Forgot your password?

Vegetarian Food Made Easy

By Edited Nov 13, 2013 0 0

Prepared Tofu

There are many reasons why you might be thinking about becoming a vegetarian. One popular reason is that you do not feel that it is ethically and morally sound to eat meat. You might become a vegetarian for religious reasons. Or you may become a vegetarian because it is very healthy. However, what can start as a healthy choice can easily change into a damaging one if you do not follow a healthy vegetarian diet and consider what you are eating. As a vegetarian, your main concern is getting enough protein and iron, the two major nutrients from meat. It is actually very easy to do so as long as you put a little effort in when you think about what to eat.

Prepackaged Vegetarian Foods

One way of getting protein is prepackaged vegetarian foods. Usually, you can find these in the freezer section of your grocery store. They aren't the best health-wise or cost-wise, but they do provide a lot more nutrients than just eating carbohydrate-based foods like pasta. Prepackaged vegetarian foods either come in the form of frozen entrées, meat substitutes like veggie burgers, veggie hot-dogs, and "chicken" nuggets, or "starters" like "chicken" strips, ground "beef", etc. They usually have between 7 and 20 grams of protein per serving.


Beans are an awesome, cheap source of protein. It's surprising how often you can sneak them into a recipe, too. Beans are great in Mexican food, lentils are good for Indian food, and both work in many other cuisines as well. Baked beans (British-style, not American-style) are a common snack in the UK.  Beans are great in soup, adding texture as well as nutrients. The downsides to beans are that they are boring after a while and that they also contain a fair amount of carbs--not very good for diabetics to eat a lot of beans on a regular basis.

Uncooked Soy Products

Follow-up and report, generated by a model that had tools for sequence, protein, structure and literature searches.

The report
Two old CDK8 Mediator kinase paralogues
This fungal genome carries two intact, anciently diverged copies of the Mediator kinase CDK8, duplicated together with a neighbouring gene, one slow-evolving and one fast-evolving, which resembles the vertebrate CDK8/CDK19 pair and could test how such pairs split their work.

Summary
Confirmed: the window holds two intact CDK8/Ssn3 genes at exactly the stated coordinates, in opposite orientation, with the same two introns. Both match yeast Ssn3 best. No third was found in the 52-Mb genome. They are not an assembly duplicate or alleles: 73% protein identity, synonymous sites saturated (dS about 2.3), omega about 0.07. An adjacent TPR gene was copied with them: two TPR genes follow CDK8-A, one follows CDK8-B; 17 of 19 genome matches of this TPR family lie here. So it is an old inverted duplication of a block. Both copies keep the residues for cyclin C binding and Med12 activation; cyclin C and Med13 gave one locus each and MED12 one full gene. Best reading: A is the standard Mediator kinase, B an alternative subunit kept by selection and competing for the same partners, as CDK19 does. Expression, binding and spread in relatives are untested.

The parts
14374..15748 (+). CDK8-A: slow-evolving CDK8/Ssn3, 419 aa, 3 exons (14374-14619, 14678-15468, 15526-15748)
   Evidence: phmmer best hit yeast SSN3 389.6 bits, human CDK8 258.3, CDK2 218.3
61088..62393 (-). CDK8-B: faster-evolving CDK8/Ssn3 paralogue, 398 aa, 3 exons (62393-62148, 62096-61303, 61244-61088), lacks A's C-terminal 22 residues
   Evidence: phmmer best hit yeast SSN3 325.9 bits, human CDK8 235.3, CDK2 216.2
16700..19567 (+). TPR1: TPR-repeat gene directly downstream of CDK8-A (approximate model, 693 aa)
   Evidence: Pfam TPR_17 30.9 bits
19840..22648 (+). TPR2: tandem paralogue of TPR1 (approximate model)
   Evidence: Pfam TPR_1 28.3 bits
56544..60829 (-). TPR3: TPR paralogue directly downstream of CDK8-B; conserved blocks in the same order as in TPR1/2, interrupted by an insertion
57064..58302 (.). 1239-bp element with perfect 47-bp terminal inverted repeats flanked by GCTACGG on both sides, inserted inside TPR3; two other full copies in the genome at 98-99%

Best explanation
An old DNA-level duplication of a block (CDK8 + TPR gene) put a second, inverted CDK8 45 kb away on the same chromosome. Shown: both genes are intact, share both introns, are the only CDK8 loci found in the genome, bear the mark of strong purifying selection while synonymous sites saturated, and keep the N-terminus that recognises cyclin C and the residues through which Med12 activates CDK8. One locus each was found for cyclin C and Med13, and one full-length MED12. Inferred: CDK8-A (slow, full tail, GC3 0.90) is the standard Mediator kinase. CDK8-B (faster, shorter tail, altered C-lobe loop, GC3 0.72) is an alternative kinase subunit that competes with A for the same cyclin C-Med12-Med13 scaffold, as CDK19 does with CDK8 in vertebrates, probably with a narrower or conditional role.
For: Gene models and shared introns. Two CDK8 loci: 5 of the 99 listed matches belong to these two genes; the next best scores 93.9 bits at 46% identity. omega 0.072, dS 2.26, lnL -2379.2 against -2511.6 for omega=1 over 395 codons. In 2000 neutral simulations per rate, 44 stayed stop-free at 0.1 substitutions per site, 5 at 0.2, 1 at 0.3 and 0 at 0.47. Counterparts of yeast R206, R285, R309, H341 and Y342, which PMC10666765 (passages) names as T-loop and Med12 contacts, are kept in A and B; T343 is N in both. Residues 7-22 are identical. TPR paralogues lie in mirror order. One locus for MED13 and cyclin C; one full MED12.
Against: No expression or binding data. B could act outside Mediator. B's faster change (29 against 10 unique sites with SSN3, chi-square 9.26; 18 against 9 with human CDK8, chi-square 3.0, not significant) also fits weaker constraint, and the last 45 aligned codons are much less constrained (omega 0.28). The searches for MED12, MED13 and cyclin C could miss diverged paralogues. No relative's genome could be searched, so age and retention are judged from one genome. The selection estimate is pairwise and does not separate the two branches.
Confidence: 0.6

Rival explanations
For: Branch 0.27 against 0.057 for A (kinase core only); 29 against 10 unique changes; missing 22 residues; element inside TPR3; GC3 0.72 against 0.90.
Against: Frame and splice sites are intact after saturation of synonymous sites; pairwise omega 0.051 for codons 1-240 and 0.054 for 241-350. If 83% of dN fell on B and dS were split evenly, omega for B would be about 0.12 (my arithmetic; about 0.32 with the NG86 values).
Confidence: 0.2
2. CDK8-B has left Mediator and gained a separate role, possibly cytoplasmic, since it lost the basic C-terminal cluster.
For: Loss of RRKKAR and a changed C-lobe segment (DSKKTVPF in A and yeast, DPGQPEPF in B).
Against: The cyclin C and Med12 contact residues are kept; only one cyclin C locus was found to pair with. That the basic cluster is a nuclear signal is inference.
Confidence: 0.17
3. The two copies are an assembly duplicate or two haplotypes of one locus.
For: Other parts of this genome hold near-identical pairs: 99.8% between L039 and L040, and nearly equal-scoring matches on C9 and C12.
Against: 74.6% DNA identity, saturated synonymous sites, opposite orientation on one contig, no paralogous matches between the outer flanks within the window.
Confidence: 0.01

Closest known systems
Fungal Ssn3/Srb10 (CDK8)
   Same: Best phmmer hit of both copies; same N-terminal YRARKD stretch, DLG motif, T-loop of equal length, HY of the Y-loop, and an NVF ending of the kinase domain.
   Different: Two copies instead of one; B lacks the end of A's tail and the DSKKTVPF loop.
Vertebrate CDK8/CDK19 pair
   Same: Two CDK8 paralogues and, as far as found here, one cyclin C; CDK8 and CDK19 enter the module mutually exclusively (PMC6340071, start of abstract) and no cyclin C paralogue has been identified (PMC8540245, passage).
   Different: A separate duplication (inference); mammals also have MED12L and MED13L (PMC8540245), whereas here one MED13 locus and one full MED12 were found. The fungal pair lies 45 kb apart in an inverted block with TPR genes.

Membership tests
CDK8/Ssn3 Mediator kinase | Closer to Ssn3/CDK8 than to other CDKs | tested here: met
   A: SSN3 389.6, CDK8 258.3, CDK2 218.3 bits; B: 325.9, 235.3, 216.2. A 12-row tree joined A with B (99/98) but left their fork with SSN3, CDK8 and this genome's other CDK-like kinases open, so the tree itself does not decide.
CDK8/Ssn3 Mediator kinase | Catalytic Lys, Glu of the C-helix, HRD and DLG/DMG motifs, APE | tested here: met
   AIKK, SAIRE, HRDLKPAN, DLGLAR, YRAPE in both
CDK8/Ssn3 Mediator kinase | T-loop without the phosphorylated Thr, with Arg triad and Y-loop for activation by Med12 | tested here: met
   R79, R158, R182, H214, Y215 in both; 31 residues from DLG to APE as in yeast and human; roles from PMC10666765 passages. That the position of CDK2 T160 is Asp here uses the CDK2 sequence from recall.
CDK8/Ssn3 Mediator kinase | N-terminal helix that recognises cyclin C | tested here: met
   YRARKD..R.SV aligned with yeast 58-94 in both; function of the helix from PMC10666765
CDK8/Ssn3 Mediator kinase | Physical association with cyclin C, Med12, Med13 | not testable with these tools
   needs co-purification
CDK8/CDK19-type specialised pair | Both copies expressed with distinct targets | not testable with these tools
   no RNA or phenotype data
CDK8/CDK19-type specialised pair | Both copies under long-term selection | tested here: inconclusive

The last easy way to get more protein into your diet is with products like tofu, tempeh, and TVP, which are soy-based. All of them are great sources of protein and none are too expensive. They are more costly than beans but much less costly than prepackaged frozen foods. There are many different ways to incorporate t0fu into your diet--the silken tofu can actually be used as a substitute for dairy in smoothies or baking, and can be added to sauces to make them creamier. Not only does this add a nice texture, but it also adds a lot of protein to your meals! Extra-firm tofu can be used as a subsitute for meat in pretty much any dish. It's great in stir-frys and omelettes.

Here is a good way to prepare extra-firm tofu:

1. Open package and drain. Wrap in towel and put on plate.

2. Find something heavier than 5lbs that will stay on top of your wrapped tofu and place it on top. The reason is that you are pressing the excess liquid out of the tofu, leaving it with a much better consistency.

3. Let it sit for at least two hours, or as long as overnight.

4. Cut into bite-sized chunks.

5. Cook either by sautéing in a little oil or covering lightly with oil and baking at 400F for 20-25 minutes on parchment.

The tofu will not have the squishy consistency that people expect tofu to have. It will also have a much better flavor. It is definitely much more appetizing after being pressed.

Tempeh is fermented soybeans. It is packed with even more protein than tofu. It is even healthier because it is much lessed processed than tofu. However, it has a very strong flavor. One way to mitigate the problem of the strong taste is by marinating for several hours and then baking. You can also sauté or steam the tempeh. All will lessen the strength of flavor to a much more acceptable level. If you eat tempeh a lot, you actually become used to the flavor so much so that the full flavor is not too strong anymore.

TVP or textured vegetable protein is usually found packaged like flour. It looks a little like cereal, but it is full of protein. To make TVP, you need to reconstitute it by adding liquid. You add a tiny bit more liquid than TVP. It does not have a flavor, so you need to add some flavor, either when reconstituting it or when making your dish. A great way to use TVP is in a "taco bake": it has a texture similar to ground beef, so treat it like that, adding to it taco seasoning, black beans, onions, peppers and salsa, and putting the mixture on top of tortilla chips in a baking dish. Sprinkle liberally with cheddar cheese and bake at 400F for about 20 minutes.

For iron, foods like raisins and spinach are good substitutes. Many vegetables have iron in them.

So you see, you can easily eat the right foods to have a healthy vegetarian diet!



Add a new comment - No HTML
You must be logged in and verified to post a comment. Please log in or sign up to comment.

Explore InfoBarrel

Auto Business & Money Entertainment Environment Health History Home & Garden InfoBarrel University Lifestyle Sports Technology Travel & Places
© Copyright 2008 - 2016 by Hinzie Media Inc. Terms of Service Privacy Policy XML Sitemap

Follow IB Health